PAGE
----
• Mind you, I am owner of two cell phones and so much tech gear that takes me 15 minutes to enter a bank branch. But I put them on vibracall when I'm at a restaurant or movie theater, and I go to the bathroom or outside to take a call -- IF it's imperative that I take the call. I own a cell phone for the last 15 years and NEVER anyone "sssh"'d me. So, excuse me if I see a guy my age taking a call during the best part of a movie "no, dear, I'm still at the movie, yes, I'll bring home some Chinese, how is your
        • by jamesh (87723)
          NEVER anyone "sssh"'d me

          Just this evening i was sssh'd by my 17 month old son who was trying to watch "The Goodies" when i got a phone call :)

          Can't remember being sssh'd before that though.
        • I own a cell phone for the last 15 years and NEVER anyone "sssh"'d me.
          So basicly you're 2m tall, muscular build, tatoo'ed arms, piercings. A general agressive look. Well I wouldn't "sssh" you either.
    • Re: (Score:2, Interesting)

      by rikkards (98006)
      Something I never really noticed until lately and I need to rant. Mod me however you wish my karma can take it.
      When in hell did it become socially acceptable to receive a call at your table at a restaurant? Not McDonalds but a typical restaurant that actually has a dress code.
      Proper manners would dictate to excuse yourself from the table and take the call elsewhere rather than talking extremely loudly and then giving dirty looks at other patrons when you can't hear over other people talking.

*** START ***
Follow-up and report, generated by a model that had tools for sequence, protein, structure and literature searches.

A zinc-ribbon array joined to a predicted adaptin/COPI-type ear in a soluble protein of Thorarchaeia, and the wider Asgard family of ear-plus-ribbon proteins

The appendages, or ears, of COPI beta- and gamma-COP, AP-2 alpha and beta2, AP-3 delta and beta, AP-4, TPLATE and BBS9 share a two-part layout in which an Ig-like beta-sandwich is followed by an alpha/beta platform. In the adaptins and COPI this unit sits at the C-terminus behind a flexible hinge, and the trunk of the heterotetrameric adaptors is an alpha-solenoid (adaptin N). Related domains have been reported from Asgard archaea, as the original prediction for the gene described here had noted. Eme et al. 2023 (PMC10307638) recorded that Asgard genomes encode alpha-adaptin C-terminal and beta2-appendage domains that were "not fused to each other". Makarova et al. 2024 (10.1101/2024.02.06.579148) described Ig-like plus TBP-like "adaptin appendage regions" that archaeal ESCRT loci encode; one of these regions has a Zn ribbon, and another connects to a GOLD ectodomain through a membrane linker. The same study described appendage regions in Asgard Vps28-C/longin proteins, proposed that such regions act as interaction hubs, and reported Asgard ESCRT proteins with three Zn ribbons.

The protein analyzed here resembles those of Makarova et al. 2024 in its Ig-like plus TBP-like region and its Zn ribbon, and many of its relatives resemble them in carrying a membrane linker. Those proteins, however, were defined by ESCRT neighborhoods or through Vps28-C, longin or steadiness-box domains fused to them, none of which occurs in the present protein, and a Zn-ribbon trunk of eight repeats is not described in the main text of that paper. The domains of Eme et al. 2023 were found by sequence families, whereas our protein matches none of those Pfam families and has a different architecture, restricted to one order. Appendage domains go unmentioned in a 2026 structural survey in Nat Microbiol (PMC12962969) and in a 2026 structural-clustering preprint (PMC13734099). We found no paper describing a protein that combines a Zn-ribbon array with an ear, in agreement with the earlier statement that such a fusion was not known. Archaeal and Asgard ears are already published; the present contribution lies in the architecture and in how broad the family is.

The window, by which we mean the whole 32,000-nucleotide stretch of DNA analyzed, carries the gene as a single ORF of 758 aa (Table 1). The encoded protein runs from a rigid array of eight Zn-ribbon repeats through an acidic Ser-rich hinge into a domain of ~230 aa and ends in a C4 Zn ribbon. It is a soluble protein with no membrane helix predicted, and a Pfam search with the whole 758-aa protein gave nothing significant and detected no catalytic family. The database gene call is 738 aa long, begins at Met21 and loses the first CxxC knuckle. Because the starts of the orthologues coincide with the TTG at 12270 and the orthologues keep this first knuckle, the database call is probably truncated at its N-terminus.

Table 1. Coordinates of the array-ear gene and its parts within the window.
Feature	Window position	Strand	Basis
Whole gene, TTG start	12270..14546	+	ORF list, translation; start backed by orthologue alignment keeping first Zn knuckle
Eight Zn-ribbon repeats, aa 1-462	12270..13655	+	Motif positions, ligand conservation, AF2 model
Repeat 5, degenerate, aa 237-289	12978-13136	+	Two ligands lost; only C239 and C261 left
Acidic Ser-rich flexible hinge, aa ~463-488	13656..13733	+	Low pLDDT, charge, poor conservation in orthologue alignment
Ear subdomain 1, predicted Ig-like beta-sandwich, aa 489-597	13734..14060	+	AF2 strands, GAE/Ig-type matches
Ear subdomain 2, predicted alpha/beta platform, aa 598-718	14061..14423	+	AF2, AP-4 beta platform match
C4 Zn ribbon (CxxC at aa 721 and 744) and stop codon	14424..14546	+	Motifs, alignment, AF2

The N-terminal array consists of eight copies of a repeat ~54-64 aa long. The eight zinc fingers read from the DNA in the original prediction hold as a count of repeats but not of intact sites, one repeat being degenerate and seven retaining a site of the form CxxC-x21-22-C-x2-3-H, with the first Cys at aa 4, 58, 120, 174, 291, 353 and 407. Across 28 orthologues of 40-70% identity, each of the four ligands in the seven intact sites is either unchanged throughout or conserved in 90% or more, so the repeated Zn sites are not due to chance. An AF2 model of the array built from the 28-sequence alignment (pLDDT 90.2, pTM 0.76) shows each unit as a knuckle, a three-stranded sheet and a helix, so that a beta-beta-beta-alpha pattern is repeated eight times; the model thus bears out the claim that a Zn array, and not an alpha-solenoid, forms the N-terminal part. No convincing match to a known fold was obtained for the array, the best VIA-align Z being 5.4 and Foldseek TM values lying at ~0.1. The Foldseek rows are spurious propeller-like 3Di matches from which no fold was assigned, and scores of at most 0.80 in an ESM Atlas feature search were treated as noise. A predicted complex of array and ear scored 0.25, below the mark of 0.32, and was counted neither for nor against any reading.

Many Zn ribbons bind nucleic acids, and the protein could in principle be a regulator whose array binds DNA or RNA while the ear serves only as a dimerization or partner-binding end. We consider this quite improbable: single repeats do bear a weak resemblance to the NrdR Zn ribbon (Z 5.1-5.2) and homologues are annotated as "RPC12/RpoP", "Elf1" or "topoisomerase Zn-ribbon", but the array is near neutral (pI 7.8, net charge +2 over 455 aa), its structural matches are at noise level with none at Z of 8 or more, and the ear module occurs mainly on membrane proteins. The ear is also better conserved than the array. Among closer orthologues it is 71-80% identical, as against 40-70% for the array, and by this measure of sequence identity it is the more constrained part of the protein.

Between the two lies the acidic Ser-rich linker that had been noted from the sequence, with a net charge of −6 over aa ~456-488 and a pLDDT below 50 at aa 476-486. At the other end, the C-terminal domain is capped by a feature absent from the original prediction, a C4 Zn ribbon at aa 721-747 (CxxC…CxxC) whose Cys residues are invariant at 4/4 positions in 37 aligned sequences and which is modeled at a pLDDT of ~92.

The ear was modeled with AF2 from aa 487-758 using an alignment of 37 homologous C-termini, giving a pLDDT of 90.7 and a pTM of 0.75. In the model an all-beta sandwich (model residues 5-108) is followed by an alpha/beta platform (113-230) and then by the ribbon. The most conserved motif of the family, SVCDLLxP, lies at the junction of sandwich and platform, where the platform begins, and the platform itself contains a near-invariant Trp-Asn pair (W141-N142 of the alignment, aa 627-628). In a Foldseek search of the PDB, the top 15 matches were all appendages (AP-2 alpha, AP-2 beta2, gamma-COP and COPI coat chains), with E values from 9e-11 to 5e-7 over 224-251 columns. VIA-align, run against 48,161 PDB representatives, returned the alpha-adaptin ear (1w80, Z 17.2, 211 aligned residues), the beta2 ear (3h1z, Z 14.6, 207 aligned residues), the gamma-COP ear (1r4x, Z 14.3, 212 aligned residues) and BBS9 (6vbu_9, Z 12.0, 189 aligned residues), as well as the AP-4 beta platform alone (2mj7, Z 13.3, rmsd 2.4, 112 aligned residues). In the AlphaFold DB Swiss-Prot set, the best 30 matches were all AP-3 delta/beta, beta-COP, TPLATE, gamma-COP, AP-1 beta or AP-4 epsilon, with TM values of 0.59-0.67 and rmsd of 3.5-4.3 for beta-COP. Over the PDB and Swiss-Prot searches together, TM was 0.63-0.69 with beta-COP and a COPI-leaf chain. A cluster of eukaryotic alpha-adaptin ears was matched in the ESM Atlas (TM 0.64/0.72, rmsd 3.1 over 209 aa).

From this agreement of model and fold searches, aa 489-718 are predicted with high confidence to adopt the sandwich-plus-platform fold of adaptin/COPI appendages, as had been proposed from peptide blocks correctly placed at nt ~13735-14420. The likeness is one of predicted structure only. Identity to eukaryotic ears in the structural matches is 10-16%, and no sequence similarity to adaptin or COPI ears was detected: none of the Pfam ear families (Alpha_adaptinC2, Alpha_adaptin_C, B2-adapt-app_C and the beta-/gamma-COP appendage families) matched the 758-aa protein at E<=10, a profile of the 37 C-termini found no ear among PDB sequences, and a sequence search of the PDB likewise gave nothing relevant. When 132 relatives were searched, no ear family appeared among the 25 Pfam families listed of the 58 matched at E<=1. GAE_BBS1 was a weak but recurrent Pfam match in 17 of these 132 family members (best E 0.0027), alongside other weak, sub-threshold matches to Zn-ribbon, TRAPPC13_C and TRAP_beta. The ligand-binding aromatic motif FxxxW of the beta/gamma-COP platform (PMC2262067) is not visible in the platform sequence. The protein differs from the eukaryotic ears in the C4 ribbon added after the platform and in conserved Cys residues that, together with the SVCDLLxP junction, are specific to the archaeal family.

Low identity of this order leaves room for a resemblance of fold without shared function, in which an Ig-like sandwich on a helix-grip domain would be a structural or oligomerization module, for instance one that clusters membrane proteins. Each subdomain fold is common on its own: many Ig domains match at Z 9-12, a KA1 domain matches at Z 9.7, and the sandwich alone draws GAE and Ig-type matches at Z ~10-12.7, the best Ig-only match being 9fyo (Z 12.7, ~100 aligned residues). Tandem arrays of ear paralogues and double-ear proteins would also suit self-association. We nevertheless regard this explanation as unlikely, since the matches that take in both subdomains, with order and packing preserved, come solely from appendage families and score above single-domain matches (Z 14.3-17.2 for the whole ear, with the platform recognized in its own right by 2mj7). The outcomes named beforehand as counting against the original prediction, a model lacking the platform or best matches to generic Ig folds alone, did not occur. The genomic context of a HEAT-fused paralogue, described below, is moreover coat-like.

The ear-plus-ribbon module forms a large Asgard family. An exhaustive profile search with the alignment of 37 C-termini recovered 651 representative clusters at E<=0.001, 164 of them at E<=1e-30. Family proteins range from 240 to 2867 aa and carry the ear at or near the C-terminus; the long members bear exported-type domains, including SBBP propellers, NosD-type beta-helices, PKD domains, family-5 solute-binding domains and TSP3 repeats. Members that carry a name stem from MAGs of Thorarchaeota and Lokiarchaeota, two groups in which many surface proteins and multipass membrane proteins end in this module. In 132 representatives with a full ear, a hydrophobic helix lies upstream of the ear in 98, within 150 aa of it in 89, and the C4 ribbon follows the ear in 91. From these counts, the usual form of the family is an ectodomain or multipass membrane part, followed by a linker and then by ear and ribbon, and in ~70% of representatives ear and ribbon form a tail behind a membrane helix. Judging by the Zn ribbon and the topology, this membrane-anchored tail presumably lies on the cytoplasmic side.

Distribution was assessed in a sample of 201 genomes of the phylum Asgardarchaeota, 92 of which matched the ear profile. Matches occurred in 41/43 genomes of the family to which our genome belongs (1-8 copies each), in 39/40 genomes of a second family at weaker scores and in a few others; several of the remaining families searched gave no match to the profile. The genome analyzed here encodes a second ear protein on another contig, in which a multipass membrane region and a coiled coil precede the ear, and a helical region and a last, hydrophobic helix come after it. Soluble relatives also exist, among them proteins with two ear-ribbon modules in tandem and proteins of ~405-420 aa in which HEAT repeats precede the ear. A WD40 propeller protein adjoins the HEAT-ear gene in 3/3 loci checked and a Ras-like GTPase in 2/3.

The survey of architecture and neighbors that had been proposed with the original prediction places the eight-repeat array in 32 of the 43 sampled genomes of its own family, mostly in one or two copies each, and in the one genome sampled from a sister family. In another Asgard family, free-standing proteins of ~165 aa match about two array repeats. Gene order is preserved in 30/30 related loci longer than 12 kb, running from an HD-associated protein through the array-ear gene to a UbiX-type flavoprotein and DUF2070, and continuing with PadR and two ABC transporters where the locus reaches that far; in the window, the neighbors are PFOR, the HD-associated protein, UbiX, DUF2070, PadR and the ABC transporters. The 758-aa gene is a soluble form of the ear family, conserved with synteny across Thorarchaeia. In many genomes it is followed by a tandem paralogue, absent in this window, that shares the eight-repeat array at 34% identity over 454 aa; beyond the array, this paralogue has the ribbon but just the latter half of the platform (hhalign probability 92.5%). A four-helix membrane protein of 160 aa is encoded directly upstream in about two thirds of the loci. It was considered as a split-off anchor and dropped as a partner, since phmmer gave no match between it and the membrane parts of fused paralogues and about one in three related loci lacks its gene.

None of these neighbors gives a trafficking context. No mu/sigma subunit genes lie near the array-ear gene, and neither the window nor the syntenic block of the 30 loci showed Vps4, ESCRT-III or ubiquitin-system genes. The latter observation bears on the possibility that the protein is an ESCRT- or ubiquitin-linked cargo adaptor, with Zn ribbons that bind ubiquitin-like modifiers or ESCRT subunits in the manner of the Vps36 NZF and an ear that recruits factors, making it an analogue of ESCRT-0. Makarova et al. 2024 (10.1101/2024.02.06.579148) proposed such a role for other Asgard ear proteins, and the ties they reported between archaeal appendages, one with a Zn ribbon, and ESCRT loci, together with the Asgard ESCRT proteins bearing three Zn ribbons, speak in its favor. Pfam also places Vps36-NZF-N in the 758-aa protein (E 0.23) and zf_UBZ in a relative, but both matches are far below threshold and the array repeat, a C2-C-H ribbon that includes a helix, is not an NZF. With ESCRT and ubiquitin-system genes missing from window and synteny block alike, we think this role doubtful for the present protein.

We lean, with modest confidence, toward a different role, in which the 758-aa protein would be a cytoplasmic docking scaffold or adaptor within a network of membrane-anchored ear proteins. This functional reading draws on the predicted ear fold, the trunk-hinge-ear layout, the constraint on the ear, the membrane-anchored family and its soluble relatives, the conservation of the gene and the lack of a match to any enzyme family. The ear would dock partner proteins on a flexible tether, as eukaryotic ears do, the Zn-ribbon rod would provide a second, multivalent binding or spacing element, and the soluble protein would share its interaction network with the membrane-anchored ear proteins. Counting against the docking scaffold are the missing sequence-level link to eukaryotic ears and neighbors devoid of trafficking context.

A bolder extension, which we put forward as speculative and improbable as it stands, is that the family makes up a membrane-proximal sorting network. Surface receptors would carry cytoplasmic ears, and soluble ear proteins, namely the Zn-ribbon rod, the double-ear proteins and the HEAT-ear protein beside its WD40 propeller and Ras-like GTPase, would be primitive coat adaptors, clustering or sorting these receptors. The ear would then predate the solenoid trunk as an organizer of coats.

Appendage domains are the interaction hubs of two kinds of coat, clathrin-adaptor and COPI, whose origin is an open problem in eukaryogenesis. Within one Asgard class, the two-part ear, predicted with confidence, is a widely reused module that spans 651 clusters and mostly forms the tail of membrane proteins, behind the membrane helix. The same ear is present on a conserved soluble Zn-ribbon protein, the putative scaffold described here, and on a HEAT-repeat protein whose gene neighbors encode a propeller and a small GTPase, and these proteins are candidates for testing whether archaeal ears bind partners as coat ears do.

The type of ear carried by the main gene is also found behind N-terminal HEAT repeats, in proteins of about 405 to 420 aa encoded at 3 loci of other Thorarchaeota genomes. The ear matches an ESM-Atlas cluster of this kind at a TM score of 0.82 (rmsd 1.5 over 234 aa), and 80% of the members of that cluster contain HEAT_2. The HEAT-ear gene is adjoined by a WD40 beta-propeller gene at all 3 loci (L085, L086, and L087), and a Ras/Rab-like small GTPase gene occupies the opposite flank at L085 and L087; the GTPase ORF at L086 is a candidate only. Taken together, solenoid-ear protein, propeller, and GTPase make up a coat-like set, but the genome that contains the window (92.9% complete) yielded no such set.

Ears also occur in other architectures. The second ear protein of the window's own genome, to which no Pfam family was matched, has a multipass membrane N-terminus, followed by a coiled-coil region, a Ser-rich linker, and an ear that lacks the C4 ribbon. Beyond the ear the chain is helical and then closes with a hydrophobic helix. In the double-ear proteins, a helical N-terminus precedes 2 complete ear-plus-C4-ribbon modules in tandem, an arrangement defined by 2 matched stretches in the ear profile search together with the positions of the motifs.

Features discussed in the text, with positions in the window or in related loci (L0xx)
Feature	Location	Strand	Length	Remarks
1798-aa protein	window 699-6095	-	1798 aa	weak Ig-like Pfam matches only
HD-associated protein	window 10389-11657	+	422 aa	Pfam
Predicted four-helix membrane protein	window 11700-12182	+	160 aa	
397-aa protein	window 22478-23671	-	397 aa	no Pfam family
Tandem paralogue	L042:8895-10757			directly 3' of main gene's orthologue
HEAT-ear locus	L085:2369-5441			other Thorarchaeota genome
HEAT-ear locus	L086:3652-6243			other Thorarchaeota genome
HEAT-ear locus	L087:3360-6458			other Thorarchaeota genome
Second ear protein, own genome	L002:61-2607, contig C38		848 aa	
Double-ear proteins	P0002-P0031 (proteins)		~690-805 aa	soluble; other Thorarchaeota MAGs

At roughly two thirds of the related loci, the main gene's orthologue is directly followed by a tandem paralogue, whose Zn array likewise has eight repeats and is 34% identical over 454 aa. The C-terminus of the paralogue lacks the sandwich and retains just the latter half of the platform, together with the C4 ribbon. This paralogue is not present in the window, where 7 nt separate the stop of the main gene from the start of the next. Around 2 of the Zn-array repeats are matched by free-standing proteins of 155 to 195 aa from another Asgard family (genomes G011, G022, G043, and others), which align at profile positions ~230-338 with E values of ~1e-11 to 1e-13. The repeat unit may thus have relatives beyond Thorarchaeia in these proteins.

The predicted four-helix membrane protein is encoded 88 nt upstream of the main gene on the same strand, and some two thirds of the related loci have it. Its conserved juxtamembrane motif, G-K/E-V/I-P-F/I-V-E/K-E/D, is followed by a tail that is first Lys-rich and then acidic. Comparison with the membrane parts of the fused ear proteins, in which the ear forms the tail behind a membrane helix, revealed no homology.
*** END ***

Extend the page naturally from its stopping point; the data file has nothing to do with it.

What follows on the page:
Sorry for the ra
      • I could do with less whiny little brat kids.

        Yes, your an infant. Now shut the hell up. /me Had several flights over the atlantic with asshat kids around me. Nothing like 8 hours of screaming to make your arrival all the more pleasant...

        Tom
    • by 70Bang (805280)

      There's my way to fix cell phones & pagers when making presentations, particularly larger audiences (the larger, the better):

      "Before I begin, I will forewarn you to silence your cell phones and pagers now. If we hear a familiar tone, you'll undoubtedly rush out of the room as though God is about to kill himself and you're the only one working the Suicide Hotline. When you return, you will come up on stage and sing your high school fight song or you *will* be escorted out of this room. If you're going